There’s a fascinating formal debate taking place on The Economist site this week. The proposition put forward is:
This house believes that the continuing introduction of new technologies and new media adds little to the quality of most education.
Speaking to the pro side is Sir John Daniel, President and Chief Executive Officer of The Commonwealth of Learning which is “an intergovernmental organisation created by Commonwealth Heads of Government to encourage the development and sharing of open learning/distance education knowledge, resources and technologies. COL is helping developing nations improve access to quality education and training.”
I don’t know that I agree with Sir John when he says there’s a zero-sum relationship among volume, quality, and cost. Technology changes that, a lot. One of the really amazing things about using the Internet, as in the Open University model, for example, is that there’s very little marginal cost associated with opening a program to a large number of additional learners.
What’s sort of sad is that the guy arguing the con side, Dr. Robert Kozma, Emeritus Director and Principal Scientist at SRI international, has to carefully qualify his argument in order even to make it. He says “new technologies and new media do make a significant contribution to the quality of education, at least under certain circumstances.”
I’ve spent the last 15 years of my career facilitating the incorporation of technology into educational programs. I wouldn’t have been doing this if I didn’t think I was in fact adding value to the world. But it’s an area fraught with landmines.
The truth is it’s possible, and sadly, common to detract from the quality of a given learning opportunity by adding a lot of cognitive overhead in the form of new technology learners must master in order to access that learning opportunity! Except in those programs which are explicitly designed to introduce technology, it’s probably a bad idea to require learners, or instructors, to master more than one new technological interface per course. And it’s really better for learning efficiency if there’s NO new technology at all to master, so that one can free up one’s brain to learn the program material which is being presented, without having to be on guard against looking stupid because one doesn’t know exactly what to do.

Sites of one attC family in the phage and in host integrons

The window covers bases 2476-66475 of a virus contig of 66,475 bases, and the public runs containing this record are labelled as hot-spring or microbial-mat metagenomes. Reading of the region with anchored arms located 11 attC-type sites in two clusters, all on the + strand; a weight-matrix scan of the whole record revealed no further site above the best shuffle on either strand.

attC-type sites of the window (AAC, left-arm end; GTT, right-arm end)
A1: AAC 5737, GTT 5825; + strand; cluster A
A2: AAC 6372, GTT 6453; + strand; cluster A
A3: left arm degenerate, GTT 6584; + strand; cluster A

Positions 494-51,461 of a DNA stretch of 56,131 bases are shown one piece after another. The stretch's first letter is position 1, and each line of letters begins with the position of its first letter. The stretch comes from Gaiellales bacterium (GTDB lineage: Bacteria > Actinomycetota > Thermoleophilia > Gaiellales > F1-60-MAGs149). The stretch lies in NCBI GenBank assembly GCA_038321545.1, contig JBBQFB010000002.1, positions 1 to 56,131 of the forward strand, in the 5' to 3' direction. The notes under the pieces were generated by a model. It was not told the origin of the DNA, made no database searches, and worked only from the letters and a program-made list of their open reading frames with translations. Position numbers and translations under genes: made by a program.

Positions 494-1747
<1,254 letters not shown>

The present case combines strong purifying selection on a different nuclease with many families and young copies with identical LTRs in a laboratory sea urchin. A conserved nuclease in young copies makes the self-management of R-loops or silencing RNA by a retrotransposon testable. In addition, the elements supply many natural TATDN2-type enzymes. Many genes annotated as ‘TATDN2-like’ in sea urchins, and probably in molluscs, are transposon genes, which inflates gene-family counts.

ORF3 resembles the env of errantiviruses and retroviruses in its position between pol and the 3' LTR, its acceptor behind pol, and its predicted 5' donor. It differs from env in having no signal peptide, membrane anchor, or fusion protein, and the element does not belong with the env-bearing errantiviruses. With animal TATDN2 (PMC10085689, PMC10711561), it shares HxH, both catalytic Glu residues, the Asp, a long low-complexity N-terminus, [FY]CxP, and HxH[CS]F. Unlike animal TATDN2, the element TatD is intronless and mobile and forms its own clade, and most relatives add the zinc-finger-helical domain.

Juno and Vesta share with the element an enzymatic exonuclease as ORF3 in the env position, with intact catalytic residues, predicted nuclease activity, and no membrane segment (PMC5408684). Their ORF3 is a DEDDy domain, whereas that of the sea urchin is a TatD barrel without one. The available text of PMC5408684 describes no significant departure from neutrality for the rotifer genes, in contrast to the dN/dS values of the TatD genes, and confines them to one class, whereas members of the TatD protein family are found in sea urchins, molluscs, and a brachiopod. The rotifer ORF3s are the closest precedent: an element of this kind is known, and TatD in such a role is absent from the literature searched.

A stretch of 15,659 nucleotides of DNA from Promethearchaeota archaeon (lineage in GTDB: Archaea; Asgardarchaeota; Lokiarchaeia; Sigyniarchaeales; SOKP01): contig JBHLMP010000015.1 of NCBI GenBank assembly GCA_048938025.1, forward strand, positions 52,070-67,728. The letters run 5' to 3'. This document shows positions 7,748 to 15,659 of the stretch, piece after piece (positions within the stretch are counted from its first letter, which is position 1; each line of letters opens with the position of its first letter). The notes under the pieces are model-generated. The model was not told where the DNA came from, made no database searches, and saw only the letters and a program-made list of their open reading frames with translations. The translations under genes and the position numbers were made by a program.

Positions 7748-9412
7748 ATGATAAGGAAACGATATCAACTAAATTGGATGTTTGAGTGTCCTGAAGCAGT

My husband remarked to my son-the-junior-in-college and a classmate of his that really, they should savor their junior year. As juniors, they know their way around the campus. They know how to figure out what the professors want. They have mostly fulfilled their core requirements, and are free to study the subjects that interest them in depth. And, they don’t yet need to devote energy to that looming question of “what’s next”. In short, they are free to concentrate on the learning tasks at hand, without all that excess overhead to manage.
I don’t know that we can reliably simulate junior year in the groves of Academe here in the corporate training world. But I do think keeping that ideal in mind might curb some of our more technophilic tendencies to throw a lot of cool new stuff into our programs without sufficient thought about where the resources to master that stuff must be taken from! If it’s worth teaching, it’s probably worth teaching in a format our learners have a level of comfort with. And if we’ve got a brilliant idea for a new format which we really do have reason to believe will improve the cost/quality/reach of our programming, it’s probably worth taking some time to train learners in it’s use apart from whatever challenging programming we’d like to put into it.